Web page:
Have it in mind that this might include money used to acquire equipment, securing licenses, pre-launch marketing, buying a store and purchasing office equipment. Always remember to calculate your cost to run the business as if you had no debt to get your operating expense.
Take time to determine how much of your initial investment you need to pay down each month, and add that to your operating expenses to learn your total expenses. Once you pay off your debt, your breakeven point will drop.
2. Calculate Your Breakeven Point
When you know your total expenses, divide your operating expenses into production and overhead costs. Note that your overhead costs include expenses such as phones, rent, marketing and debt repayment. Then your production costs comprises of those expenses you incur when you bake items. Your total expenses per month give you your monthly breakeven point. Have it in mind that you can make these calculations per day, quarter or annually.
As your sales increase, your breakeven point per item decreases, especially since each addition item absorbs more of your operating expenses, which don’t change based on how many items you sell. But when you sell fewer items, your breakeven point per piece increases, because each item must absorb more operating expenses.
3. Project Your Sales
At this point, calculate your income based on several sales levels to understand how much you will need to sell each item to cover your costs. For instance, if you sell only cupcakes and it costs you 50 cents in labour and ingredients to make a cupcake, your production cost per cupcake remains 50 cents.
If you have $3,000 a month in overhead and debt repayment expense, you will divide $3,000 by the number of cupcakes you expect to sell to get your overhead cost. It simply means if you sell 1,500 cupcakes per month, you will need $2 per cupcake to cover your overhead and 50 cents to cover your production expenses, giving you a breakeven point of $2.50 per cupcake.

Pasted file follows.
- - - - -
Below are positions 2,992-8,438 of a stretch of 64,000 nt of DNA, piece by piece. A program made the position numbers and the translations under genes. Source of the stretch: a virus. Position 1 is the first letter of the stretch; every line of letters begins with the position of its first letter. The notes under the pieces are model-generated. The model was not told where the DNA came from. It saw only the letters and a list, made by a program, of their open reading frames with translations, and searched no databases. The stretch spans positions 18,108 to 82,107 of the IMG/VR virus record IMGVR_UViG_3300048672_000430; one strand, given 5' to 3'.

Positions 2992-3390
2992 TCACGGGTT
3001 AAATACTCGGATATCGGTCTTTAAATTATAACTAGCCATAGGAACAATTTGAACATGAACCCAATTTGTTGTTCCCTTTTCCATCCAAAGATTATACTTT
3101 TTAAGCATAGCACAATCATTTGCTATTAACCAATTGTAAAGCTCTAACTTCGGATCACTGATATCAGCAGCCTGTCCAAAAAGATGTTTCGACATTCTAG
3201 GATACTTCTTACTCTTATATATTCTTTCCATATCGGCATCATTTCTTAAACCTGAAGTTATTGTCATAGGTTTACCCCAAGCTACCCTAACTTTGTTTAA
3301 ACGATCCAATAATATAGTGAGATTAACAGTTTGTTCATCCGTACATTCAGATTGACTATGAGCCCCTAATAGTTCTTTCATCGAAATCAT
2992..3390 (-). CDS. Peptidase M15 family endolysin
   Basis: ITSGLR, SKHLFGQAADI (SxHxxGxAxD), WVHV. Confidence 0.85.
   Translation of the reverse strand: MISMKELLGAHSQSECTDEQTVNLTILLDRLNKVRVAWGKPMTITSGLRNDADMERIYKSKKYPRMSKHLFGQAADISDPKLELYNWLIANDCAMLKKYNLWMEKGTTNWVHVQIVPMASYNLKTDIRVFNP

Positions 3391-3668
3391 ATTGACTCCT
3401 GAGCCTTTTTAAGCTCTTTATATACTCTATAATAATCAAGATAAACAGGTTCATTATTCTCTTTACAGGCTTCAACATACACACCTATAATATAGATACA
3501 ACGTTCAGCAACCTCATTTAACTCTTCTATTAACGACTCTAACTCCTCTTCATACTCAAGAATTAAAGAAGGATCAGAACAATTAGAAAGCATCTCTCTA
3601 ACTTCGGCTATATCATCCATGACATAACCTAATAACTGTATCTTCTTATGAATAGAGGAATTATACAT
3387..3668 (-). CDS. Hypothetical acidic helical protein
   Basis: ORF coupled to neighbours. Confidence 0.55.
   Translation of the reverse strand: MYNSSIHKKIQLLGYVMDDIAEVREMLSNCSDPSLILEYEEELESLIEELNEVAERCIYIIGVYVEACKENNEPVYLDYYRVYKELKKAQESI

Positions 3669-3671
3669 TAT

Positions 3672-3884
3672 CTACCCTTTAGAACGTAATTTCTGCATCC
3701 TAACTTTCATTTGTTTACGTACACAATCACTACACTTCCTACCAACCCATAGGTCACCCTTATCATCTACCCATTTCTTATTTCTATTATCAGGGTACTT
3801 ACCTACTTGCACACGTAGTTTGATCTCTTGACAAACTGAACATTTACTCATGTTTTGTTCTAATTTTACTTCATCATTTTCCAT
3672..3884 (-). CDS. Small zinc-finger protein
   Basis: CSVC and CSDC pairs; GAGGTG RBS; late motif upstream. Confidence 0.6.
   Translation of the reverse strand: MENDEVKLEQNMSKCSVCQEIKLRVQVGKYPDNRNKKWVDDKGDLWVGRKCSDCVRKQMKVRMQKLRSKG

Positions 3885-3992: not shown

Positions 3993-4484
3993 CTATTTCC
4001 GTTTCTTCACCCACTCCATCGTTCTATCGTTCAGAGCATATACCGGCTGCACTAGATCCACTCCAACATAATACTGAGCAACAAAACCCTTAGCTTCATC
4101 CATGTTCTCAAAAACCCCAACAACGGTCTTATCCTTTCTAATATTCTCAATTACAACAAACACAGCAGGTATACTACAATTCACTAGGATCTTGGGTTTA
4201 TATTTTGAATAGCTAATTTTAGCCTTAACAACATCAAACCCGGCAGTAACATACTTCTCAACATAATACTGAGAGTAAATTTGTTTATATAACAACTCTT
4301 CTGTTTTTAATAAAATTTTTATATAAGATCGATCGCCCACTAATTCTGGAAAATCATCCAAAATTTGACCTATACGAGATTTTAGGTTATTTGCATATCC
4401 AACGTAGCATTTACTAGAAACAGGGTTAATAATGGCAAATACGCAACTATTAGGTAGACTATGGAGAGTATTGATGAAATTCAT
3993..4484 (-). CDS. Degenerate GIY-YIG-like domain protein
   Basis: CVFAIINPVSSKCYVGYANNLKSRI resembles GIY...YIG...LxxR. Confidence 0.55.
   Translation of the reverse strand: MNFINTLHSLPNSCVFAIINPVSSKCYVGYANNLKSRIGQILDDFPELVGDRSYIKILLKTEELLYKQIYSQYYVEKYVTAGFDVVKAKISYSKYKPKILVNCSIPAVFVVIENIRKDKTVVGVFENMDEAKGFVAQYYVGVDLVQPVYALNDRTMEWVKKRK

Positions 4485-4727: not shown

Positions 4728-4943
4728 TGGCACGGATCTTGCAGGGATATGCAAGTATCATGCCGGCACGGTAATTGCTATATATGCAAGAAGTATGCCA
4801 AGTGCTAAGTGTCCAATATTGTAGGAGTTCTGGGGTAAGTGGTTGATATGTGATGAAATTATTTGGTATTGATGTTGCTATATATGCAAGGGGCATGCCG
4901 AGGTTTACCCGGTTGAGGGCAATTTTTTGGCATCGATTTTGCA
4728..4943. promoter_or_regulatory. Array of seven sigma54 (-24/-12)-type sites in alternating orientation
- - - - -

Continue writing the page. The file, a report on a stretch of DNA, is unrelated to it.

4. Project Inventory Turnover
In the bakery business, it is imperative you understand that you won’t sell everything you bake and will always have to project what amount of inventory you will throw away each day. If you can sell day – old bread at a discount, you can project how much of each day’s production you will sell at full price, how much you will sell at a discount and how much you will throw away.
However, to help you reduce your losses, you might decide to sell some inventory at a loss to avoid throwing it away. If you have enough unsold inventory each day, you might be able to donate it to a charity for a write – off.
5. Set Your Mark – up
At this stage, to calculate your mark – up, you have to first project your total costs for producing each day’s inventory and for operating your business. This requires projecting how much inventory you will realistically sell at full price, throw out, mark down or donate.
For instance, if the total overhead and production costs of the baked goods you project you will sell, discard or donate each day is $1,000, and you want to make a profit of $300 per day, you will have to mark up your product 30 percent.
Don’t forget that you will need to pay sales tax on each item sold, which will raise the price your customers will pay. You will also have to pay income tax on your $300 in profits. Immediately you have some sales history, you can determine if lowering or raising your prices will change your sales volume enough to raise or lower your mark – up.
Just like it was stated above, it is nearly impossible to state a specific mark – up range for products in the bakery business. However, it is imperative to having similarly priced menu items to your competitors as if you are offering similar products of similar quality, but for a much higher price, it is unlikely that your customers will want to return. Making sure your menu items are priced appropriately is very necessary for turning customers into regulars.